U2 were Formed at a Dublin Secondary School by Adam Clayton, Bono, The Edge and Larry Mullen Jr. Like most bands, they wanted to be among the best in the world. By 1991, with Achtung Baby in the pipeline and War, The Unforgettable Fire and The Joshua Tree behind them, they were arguably deserving of that intention. Yet there was more to the band than the stadium records that made their fans deliriously happy and the music's creators artistically and lucratively fulfilled. Their second album, October, opened the four‐piece into a spiritual journey that fed their later work. Their double album Rattle And Hum proved one of the greatest torchbearers of American music of its time. And then there were Zooropa and Pop-dance-oriented albums that showed the initially punk-oriented quartet exploring effects, sounds and territories that few of their contemporaries dared contemplate.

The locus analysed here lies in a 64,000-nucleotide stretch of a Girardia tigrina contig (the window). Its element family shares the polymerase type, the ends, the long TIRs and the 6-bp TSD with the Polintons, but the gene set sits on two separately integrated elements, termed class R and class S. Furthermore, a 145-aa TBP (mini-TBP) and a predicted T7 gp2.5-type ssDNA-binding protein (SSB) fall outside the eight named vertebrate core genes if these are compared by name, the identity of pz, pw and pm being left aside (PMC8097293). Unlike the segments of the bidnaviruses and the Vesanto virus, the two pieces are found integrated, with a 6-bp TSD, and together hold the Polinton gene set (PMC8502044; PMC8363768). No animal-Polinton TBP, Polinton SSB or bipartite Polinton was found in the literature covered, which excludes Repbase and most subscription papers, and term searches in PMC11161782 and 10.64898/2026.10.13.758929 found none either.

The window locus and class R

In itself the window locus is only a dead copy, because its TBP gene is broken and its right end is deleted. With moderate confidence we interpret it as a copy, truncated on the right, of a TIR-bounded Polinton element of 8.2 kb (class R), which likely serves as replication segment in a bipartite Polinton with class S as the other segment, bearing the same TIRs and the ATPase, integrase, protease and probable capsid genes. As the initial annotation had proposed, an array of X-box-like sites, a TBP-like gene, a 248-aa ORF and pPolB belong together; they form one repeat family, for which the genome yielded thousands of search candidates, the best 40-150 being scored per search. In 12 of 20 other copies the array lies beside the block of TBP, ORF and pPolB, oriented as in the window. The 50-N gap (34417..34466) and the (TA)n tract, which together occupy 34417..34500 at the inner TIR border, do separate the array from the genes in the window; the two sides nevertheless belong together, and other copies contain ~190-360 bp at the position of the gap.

About The Author
Eoghan Lyng is a music writer and pop fanatic. Having spent a life listening to idiosyncratic pop, Lyng honed this fascination into something more tangible. His writing credits include New Sounds, We Are Cult, Culture Sonar, The Phacemag, DMovies, The Irish Post and The Digital Fix. He has interviewed Pete Best, Denny Laine, Jeff Wayne, Rat Scabies, Eric Stewart, Chris Thomas, Kristin Hersh, Arthur Matthews and Ian La Frenais. Lyng intends to continue his musical journey by exploring new and exciting artists, without losing interest in the bands that have led him here. He lives in Dublin, Ireland.
Author: Eoghan Lyng